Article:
It’s a high-stakes, cause-and-effect situation. It is no longer possible, likely or inevitable. It is serious. It is real. And it is happening now.
Despite plenty of residential, industrial, oilfield and high-rise commercial investment capital, Calgary builders, developers, and contractors confront an urgent dilemma: Lots of work, and not enough workers.
Construction insiders agree that money (investment) is not the problem. “Investment in residential construction has been on the rise since 2020,” notes the upbeat Bill Ferreira, executive director of BuildForce Canada, providing reliable labour market information, tools and resources for the construction industry.
“In part, it is due to the low-interest-rate environment. Between 2020 to 2021, investment increased by 16 percent, and then a further 13 percent between 2021 and 2022. Non residential investment increased by 19 percent between 2020 and 2021, and a further five percent between 2021 and 2022.”
He cites the most recent BuildForce 2023–2032 Construction and Maintenance Looking Forward report, showing that Alberta housing starts increased from 24,023 to 31,935 between 2020 and 2021, and up to 36,544 in 2022. Housing under construction increased from 22,982 in 2020 to 28,503 in 2021, and then up to 35,537 in 2022.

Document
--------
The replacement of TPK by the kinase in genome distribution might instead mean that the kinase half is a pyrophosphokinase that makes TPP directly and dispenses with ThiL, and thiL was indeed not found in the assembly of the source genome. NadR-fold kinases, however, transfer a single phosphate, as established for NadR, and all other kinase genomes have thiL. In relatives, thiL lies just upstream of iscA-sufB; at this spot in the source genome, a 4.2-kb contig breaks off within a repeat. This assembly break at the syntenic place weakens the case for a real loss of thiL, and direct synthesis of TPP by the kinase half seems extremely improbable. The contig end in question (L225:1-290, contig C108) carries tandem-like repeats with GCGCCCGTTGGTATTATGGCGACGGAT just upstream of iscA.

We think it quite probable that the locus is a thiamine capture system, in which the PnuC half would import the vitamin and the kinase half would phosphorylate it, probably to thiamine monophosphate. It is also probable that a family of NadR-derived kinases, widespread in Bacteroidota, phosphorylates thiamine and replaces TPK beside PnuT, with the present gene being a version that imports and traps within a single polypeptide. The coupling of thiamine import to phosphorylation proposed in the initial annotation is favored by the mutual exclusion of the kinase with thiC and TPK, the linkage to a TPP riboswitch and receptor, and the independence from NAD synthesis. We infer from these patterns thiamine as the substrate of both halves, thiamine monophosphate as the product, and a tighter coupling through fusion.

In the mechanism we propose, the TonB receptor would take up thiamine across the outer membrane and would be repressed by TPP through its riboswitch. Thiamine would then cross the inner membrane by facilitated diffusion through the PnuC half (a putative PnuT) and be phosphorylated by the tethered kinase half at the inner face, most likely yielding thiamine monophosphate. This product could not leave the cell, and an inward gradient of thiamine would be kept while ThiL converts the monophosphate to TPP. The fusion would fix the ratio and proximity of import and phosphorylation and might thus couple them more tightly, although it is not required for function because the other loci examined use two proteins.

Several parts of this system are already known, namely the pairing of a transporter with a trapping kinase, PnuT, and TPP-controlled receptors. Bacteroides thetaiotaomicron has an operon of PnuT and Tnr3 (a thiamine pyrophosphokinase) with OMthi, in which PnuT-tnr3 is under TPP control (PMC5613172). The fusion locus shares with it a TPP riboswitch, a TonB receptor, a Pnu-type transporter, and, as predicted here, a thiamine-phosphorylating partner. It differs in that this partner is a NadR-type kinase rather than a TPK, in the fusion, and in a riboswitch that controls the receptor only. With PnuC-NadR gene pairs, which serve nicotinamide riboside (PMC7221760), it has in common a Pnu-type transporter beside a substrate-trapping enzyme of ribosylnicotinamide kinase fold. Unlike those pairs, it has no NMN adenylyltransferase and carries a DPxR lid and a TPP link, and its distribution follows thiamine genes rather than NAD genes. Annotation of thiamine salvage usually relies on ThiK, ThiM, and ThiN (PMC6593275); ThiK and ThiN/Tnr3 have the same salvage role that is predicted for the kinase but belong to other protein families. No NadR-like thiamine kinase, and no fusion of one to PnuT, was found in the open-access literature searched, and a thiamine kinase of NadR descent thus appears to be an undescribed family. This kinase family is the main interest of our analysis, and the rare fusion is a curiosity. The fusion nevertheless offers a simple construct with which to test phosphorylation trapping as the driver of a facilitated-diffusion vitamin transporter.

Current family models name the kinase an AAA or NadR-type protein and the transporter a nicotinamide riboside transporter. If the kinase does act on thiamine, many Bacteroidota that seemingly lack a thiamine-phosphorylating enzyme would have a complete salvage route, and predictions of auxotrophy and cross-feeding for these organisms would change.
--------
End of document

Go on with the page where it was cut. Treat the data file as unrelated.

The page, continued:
At the same time, industry completions were also increasing, rising from 25,734 in 2020, to 26,408 in 2021 and 29,837 in 2022.
The stats and trends highlight construction’s dilemma: it is not a lack of work or a lack of capital.
For several years, Calgary’s construction sector shrugged-off the storm clouds and insider warnings about a looming trades crunch. Now that it is here, it’s up to Calgary construction sector to deal with it!
Being I told you so’s is not what the Building Trades of Alberta (BTA)—which promotes the interests of the 18 Alberta local residential, commercial and industrial construction trade unions—wanted or intended. Regardless, BTA’s cautions have now taken-on new meaning, and getting overdue attention.
“The current employment situation is increasing in Alberta, and it didn’t just happen overnight,” says Terry Parker, BTA’s executive director. “Pre-pandemic, since 2016, the work situation had already started to slow down. And during the pandemic, major projects slowed down substantially.
“The most impacted trades in the commercial and residential sector were carpenters, electricians, cement masons, sheet metal workers and others.”
Parker urges action and doing whatever it takes. “The BTA forecasts a robust construction industry throughout Alberta over the next decade. This is partially due to several large green field projects that will require tens of thousands of construction trades.
“But reality shows that a trade shortage will be a serious problem across North America over the next decade, even if only half of the scheduled projects get off the ground.”